Steiner 4 It was a long hard road for her from there as her story took a more and more heart-wrenching turn for the worst. They took her and tried everything and through all of it, Mrs. Wise was forced to keep going. She used every bit of strength to keep going. She stated, Keeping from being negative was probably one of the hardest challenges (Wise). It truly was a rough patch up until this point, but was nothing compared to what was to come. After she had finished telling me about the ambulance ride, she told me what happened when they brought her to the hospital and I was shocked at the response. Tears welled up in her eyes and she looked at me, almost unable to even speak: They put me in the very same hospital room that my sister had died in at the age of fiftyfive, and I was fifty-five. I could feel my lungs filling up with fluid and I started passing out and then, everything went black. They had sent me back to Cleveland Clinic, but when I woke up, I had no idea where I was. Apparently they had put me on a ventilation machine on a Monday and took it out on Thursday. I would have never known what had happened to me had it had not been for my daughters friend. I asked her where I was and how did I get here and she told me how I got there. The doctor came in when I was talking and I asked him how long I had been out. He tells me that it was May 17th and I whispered, I missed four days? and he said yes, and you did not want to be awake for those four days. So not only did she get taken to the hospital, but her condition had taken a turn for the worst. I sit in complete disbelief at what I had just heard, still unable to get past the fact that the doctors had put her in the same room that her sister died in as well as the fact that she was also the same age as her sister when her sister died. She had passed out and woke up, not even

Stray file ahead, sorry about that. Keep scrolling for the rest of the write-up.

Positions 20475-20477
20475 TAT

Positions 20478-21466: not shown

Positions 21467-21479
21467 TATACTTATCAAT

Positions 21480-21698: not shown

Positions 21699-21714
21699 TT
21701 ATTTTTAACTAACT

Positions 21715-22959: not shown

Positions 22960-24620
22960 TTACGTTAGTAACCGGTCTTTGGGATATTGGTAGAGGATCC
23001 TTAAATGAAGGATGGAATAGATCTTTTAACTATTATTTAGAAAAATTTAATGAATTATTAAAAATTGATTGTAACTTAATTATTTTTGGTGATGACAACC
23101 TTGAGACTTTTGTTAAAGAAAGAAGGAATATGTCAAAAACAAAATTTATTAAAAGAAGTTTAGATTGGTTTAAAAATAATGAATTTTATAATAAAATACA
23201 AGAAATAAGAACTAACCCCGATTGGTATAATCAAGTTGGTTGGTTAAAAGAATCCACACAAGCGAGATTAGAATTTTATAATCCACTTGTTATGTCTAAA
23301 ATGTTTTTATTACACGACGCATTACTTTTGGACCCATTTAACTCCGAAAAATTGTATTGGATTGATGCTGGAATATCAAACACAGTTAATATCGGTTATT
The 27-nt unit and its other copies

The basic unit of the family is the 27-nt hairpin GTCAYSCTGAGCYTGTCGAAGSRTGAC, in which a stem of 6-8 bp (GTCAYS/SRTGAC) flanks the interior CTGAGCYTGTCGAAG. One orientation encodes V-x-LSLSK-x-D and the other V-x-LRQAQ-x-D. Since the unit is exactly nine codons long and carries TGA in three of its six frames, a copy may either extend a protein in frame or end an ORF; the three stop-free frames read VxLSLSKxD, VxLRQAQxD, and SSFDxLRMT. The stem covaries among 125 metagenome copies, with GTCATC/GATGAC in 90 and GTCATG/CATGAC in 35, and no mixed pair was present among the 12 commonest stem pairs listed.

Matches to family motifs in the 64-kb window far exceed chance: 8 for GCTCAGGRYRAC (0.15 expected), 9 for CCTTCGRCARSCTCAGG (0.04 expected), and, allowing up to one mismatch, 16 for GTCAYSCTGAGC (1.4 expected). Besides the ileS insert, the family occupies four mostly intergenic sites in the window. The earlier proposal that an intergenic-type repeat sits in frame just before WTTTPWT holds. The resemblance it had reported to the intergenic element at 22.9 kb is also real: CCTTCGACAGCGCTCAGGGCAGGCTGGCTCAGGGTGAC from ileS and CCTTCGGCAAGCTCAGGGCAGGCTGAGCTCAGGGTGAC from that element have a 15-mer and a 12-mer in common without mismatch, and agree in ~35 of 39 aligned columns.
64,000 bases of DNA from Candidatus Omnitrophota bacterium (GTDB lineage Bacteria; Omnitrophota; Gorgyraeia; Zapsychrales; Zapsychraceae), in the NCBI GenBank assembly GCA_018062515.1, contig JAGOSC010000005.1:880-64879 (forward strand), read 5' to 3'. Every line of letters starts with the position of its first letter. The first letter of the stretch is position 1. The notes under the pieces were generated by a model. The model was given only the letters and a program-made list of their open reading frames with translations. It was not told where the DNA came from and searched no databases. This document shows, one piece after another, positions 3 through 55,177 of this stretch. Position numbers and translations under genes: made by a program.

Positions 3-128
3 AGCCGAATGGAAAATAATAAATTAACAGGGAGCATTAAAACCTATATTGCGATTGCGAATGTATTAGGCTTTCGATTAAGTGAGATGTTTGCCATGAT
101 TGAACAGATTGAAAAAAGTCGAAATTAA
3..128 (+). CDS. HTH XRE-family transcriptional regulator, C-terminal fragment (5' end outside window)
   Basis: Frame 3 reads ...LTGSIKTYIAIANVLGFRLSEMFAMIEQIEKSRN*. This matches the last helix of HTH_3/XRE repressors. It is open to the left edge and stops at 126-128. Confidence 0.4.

Steiner 5 knowing where she was. At this point I had completely developed the setting within my own mind, and I begged her to go on. She tells me: I kept going down-hill from there. They tried taking the balloon pump out of my heart due to fear of bacterial infection, but each time they tried I did worse and after a couple of hours they would have to put it back in and they did just that, six times. They did a bone marrow test to find out what was going on with my blood. They did a heart biopsy and they took four pieces of my heart while I was awake. They kept forcing oxygen into my system and pumping me full of medication. They put a butterfly IV on the side of my neck to give me medication and take blood. They were taking blood every hour. At some point they also put a feeding tube down my nose to give me food because I was not eating. After they took the feeding tube out, it seemed like it was ten days before I could eat. I sit and stared blankly, never realizing the pure struggle that some have to endure in this world, that pure never ceasing hardship that comes to some that only try to see tomorrow. Without a doubt, stories like these remain the ones that many should look to when they think that they have it hard, and maybe, just maybe, we would live in a much brighter world. After all of these tests and operations, and the story about the emotional distress that Mrs. Wise had gone through, I, myself almost on the verge of tears, ask her to describe to me what had finally worked, or at least worked the best in the end. She states: On June 5th the doctors said that I was the main topic of conversation because everything that they used on others before did not work on me and I said Yes! I was just so excited because they were actually working to help me. They told me that there was one surgery